Recreational cannabis became legal October 17, 2018, but the one thing the government neglected to factor in before legalization was how to deal with past criminal convictions for something which was no longer a crime. The Liberal government’s failure to act left tens of thousands of Canadians in limbo, until now.
For the past eight months, there has been a huge grey area for an estimated 250,000 individuals with convictions for simple possession of cannabis in Canada. Activists, lawyers, government officials, and ex-offenders have been speaking out about the “fair” way to deal with a previous low-level cannabis conviction. From a Record Suspension, (formerly known as a Canadian Pardon) to expungement, the thought-provoking debate has been on.
Cannabis Amnesty took to their campaign mobile with a cross-Canada movement calling for the government to wipe clean minor cannabis convictions by expungement as opposed to a pardon. Why? Well, the one major misconception about a record suspension (nee, pardon) is that it means a criminal record is erased, this is simply not true.
A record suspension (Canadian pardon) implies a person has been forgiven for their crime and gives an individual a chance to start fresh, unfortunately, pardons have limitations. For example, with a record suspension, your record is essentially removed from the CPIC (Canadian Police Information Centre) database, but it isn’t erased. Within Canada, the record isn’t accessible when a company or person does a criminal background check allowing the individual in question to find better employment and housing opportunities, but a suspended record is still visible internationally. For instance, a record suspension still does not allow or enable the person to travel into the United States and for some this can be a pretty big deal—it means no family vacations and no traveling for work south-of-the-border.
Expungement is an entirely different story. Expungement implies an acknowledgment that the activity ought not to have been an offense to begin with. Its very essence is about erasing a criminal record for good. Pot activists and many learned people have lobbied the government to expunge those with low-level cannabis convictions. The argument is that an ongoing criminal record for something which is no longer a crime is inconsistent with the Canadian Charter of Rights and Freedoms.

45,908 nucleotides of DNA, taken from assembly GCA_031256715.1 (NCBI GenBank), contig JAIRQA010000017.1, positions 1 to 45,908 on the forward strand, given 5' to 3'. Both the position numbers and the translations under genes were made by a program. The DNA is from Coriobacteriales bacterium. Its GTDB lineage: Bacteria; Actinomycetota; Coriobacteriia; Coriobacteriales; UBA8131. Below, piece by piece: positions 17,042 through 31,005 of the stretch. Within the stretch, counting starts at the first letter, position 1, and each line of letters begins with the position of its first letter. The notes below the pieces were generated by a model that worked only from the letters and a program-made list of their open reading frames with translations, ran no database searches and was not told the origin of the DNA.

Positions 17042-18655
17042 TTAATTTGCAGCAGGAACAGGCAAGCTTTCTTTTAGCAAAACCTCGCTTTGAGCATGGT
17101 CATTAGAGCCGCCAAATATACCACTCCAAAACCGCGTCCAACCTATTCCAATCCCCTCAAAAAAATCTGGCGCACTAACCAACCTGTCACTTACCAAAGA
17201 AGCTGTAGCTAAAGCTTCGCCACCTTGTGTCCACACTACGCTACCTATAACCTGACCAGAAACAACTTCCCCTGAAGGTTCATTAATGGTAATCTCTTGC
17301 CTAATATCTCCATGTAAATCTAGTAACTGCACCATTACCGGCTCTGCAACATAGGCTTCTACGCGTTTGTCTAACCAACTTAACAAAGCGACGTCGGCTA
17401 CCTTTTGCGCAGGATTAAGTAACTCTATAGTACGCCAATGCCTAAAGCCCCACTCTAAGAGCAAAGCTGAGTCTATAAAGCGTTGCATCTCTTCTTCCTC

Several related bills were introduced into Parliament such as Bill C-415 to establish a procedure for expungement and Bill C-93 to provide a no-cost, expedited record suspension for simple cannabis possession. June 20, 2019, eight months after legalization, Bill C-93 was passed in Parliament and now we will have hundreds of thousands of people applying for pardons.
Eligibility for a pardon, however, still does not mean it is easy to acquire. Applying for a pardon is no easy feat. In fact, one of my client’s, AllCleared has built its business on helping people maneuver the entire arduous process. It has been while working with AllCleared that I learned the important differences between a record being pardoned and being expunged.
I do ask myself as you should, has the government done its citizens a justice or injustice when it comes to dealing with past, low-level cannabis convictions. Is taxpayers’ money being spent effectively in the way this is being handled? Look, for instance, at the California example. There they have moved to automatically expunge the records of those convicted of qualifying cannabis crimes without requiring the individual or state process of handling thousands of individual files. California estimates roughly 1-million people will be entitled to and granted expungement and all by the push of a button. Imagine the cost benefits of that process? I presume it would be much less of a financial burden than individual pardons for each and every of the 250,000 + Canadian citizens and don’t forget the government usually charges $631 for each record suspension. That’s a lot of money that needs to come from somewhere.
Bill C-93 is touted as the no-cost, expedited record suspension for low-level cannabis possession convictions—this means the government has offered to expedite the processing of these applications. If the government does not allocate sufficient additional resources to support the processing of these pardons this will undoubtedly impact the processing time of those who are attempting to access the pardon system for other types of past convictions.
Ultimately it seems automatic expungement makes a lot more sense than obligating individuals and bureaucracy to employ a costly and timely application process. I can’t help the feeling that the government was unwilling to put themselves out on a limb so close to an election, but at the same time is trying desperately to save face considering they were elected on a platform of legalization but have seemingly botched its execution without any cohesive strategy behind it. Certainly, this is a fair question to consider when deciding how to cast your vote in the next federal election. It will certainly be top-of-mind when I enter the ballot box.